Addl set dressing
Addl set dressing
Addl set dressing
Addl set dressing
Addl set dressing
Addl set dressing
Addl set dressing
Charge scenic
Standby scenic
Scenic
Scenic
Scenic
Addl scenic
Addl scenic
Addl scenic
Addl scenic
Addl scenic
Addl scenic
Addl scenic
Const coord
Const foreman
Lead carpenter
Carpenter
Carpenter
Carpenter
Carpenter
Carpenter
Carpenter
Carpenter
Carpenter
Carpenter
Carpenter
Carpenter
Const P.A.
Prop master
On set props
COSTUMES
Cost des
Wardrobed supv
Ward asst
Ward asst
Addl ward
Addl ward
Addl ward
Addl ward
SOUND
ADR voice
ADR voice
ADR voice
ADR voice
ADR voice
ADR voice
ADR voice
ADR voice
Sd mixer
Boom op
2d unit rec
Supv sd ed
Supv sd ed
Sd ed
Sd ed
ADR ed
Asst sd ed
Asst sd ed
Apprentice sd ed
Foley walker
Foley walker
Sd eff coord
Addl sd eff rec
Re-rec at
Re-rec mixer
Re-rec mixer
Re-rec mixer
VISUAL EFFECTS
Visual eff prod by
Visual eff prod by, VCE
Computer generated birds & computer composited eff
Animatronics
Animatronics
Spec makeup FX asst
Spec makeup FX asst
Spec makeup FX asst
Spec makeup FX asst
Spec makeup FX P.A.
Spec makeup FX P.A.
Animatronics asst
Spec FX bird mechanicals
Spec FX supv
Spec FX consultant
Spec FX fabricator
Spec FX fabricator
Spec FX fabricator
SFX breakaway supv
SFX carpenter/Rigger
SFX carpenter/Rigger
SFX/Bird unit carpenter
SFX/Bird unit carpenter
SFX unit asst
SFX unit asst
SFX unit asst
SFX squibs
SFX storyboard artist
Opticals/SFX project supv
VCE visual eff supv
VCE opt eff by
VCE opt eff by
VCE opt eff by
VCE opt eff by
VCE opt eff by
VCE anim eff
VCE anim eff
VCE anim eff
VCE FX photog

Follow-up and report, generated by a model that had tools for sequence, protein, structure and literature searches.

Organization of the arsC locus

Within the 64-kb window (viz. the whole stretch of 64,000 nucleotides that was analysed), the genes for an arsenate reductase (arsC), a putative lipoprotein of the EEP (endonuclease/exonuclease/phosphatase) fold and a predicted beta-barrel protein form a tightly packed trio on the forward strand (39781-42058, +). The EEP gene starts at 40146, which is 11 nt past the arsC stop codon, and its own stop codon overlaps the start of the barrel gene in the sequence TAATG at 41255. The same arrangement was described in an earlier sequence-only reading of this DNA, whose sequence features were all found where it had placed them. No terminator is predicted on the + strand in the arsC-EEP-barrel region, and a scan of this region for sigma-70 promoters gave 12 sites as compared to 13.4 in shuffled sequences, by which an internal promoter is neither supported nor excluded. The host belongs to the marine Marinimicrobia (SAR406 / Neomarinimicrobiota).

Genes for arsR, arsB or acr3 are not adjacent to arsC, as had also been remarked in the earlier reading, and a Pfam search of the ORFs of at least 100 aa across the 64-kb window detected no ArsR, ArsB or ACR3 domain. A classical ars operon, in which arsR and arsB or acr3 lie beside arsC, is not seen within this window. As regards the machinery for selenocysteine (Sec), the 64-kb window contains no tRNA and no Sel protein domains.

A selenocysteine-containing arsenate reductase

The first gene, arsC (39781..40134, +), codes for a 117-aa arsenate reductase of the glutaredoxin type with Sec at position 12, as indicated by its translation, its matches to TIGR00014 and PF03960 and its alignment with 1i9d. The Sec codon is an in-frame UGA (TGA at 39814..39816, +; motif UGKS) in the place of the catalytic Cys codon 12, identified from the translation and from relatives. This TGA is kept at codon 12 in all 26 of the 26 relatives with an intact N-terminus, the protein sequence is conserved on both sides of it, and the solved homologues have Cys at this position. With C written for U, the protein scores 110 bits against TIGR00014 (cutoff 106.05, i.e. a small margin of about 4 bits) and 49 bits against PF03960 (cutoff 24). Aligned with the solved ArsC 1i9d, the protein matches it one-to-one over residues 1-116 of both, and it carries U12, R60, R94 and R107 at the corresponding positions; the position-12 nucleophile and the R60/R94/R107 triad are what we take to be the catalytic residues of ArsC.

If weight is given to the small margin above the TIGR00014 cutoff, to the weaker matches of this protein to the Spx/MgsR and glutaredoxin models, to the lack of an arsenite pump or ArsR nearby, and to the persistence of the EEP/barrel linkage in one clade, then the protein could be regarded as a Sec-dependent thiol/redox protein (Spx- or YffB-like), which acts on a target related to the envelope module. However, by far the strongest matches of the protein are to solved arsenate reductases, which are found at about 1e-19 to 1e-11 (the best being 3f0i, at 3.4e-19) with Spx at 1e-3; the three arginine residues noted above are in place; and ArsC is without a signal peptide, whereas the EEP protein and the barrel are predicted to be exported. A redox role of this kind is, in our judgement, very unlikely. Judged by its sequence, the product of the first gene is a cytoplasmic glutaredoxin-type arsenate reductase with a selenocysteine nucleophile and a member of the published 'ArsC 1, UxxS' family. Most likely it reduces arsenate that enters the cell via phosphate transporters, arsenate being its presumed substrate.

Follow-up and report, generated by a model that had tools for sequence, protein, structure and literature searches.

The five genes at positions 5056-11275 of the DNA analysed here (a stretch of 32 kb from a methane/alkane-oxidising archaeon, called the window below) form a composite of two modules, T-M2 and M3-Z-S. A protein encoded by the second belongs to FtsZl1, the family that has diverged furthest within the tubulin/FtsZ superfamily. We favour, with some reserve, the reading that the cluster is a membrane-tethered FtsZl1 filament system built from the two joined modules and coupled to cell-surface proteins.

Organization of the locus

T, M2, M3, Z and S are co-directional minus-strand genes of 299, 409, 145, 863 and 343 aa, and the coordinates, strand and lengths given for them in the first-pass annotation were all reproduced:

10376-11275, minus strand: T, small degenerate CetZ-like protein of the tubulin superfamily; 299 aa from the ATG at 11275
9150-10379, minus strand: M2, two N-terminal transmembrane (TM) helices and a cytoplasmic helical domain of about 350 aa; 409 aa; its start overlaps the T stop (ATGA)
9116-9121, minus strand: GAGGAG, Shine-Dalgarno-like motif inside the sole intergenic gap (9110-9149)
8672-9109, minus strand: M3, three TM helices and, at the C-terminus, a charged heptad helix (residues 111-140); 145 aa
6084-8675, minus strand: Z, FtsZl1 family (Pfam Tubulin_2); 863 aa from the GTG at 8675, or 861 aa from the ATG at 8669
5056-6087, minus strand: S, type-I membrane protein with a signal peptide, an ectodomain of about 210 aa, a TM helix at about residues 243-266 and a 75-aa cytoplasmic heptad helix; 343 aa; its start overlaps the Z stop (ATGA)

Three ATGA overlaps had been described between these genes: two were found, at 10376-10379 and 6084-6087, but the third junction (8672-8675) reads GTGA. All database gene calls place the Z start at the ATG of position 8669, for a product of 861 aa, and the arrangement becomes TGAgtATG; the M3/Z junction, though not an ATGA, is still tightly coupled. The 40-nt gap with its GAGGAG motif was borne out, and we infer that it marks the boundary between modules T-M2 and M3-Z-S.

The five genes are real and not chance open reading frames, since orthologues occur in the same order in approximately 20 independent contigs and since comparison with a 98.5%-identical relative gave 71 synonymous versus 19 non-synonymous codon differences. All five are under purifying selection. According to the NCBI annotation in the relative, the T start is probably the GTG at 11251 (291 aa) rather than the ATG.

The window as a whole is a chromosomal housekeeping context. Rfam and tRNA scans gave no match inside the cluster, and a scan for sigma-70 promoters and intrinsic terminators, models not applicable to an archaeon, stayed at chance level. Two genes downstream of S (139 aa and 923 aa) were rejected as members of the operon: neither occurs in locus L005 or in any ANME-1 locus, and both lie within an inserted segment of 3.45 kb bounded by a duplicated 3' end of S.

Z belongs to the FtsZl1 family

VCE FX photog
VCE FX photog
VCE miniatures
VCE ed staff
VCE ed staff
VCE prod coord
VCE admin
Motion control op
Video Image
Video Image
Video Image
Video Image
Video Image crew
Video Image crew
Video Image crew
Video Image crew
Video Image crew
Video Image crew
Video Image crew
Video Image crew
Main title des
Opticals & title photog
MAKEUP
Makeup eff created by
Makeup eff created by
Key makeup/Hairstylist
Asst makeup/Hair
Addl makeup
PRODUCTION MISC
Casting
Prod supv
Prod coord
Prod auditor
Prod attorney
Asst prod coord
Office P.A.
Office P.A.
Loc supv
Asst loc supv
Key loc scout
Loc scout
Unit loc P.A.
Unit loc P.A.
Stage mgr
Stage P.A.
Asst auditor
Asst auditor
Accounting P.A.
Scr supv
Animals supplied by
Bird coord
Bird trainer
Bird trainer
Bird trainer
Bird trainer
Bird trainer
Bird trainer
Bird trainer
Bird asst
Bird asst
Bird asst
Medical consultant
Contact lens consultant
Intern
Picture car wrangler
Picture car asst
Financial representative
Key set P.A.
Set P.A.
Addl unit P.A.
Addl unit P.A.
Addl unit P.A.
Day player casting
Extras casting
Extras casting asst
Promotions coord
Unit pub
Catering
Catering
Catering
Craft service
Craft service
Asst to Tim Hutton
Asst to Amy Madigan
Nurse
Paramedic
Transportation coord
Teamster capt
Teamster driver
Teamster driver
Teamster driver
Teamster driver
Teamster driver
Teamster driver
Teamster driver
Addl driver
Addl driver
Addl driver
Addl driver
Addl driver
New York City courier
New York City courier
Security coord
Prod asst
Alabama animal damage control
Alabama animal damage control
Arkansas animal damage control
Arkansas animal damage control
Tennessee animal damage control
Post prod supv
Post prod P.A.
Voice casting
STAND INS
Stunt coord
Stunt player
Stunt player
Stunt player
Stunt player
Stunt player
Stunt player
Stand-in
Stand-in
Stand-in
Stand-in
Stand-in
Stand-in
Stand-in
Stand-in
Stand-in
Stand-in
COLOR PERSONNEL
Col timer
Col by
SOURCES
LITERARY
Based on the novel The Dark Half by Stephen King (New York, 1989).
AUTHOR
SONGS
"Are You Lonesome Tonight," by Roy Turk and Lou Handman, performed by Elvis Presley, courtesy of the RCA Records Label of BMG Music.
COMPOSERS
DETAILS
Release Date:
23 April 1993
Premiere Information:
Los Angeles opening: 23 April 1993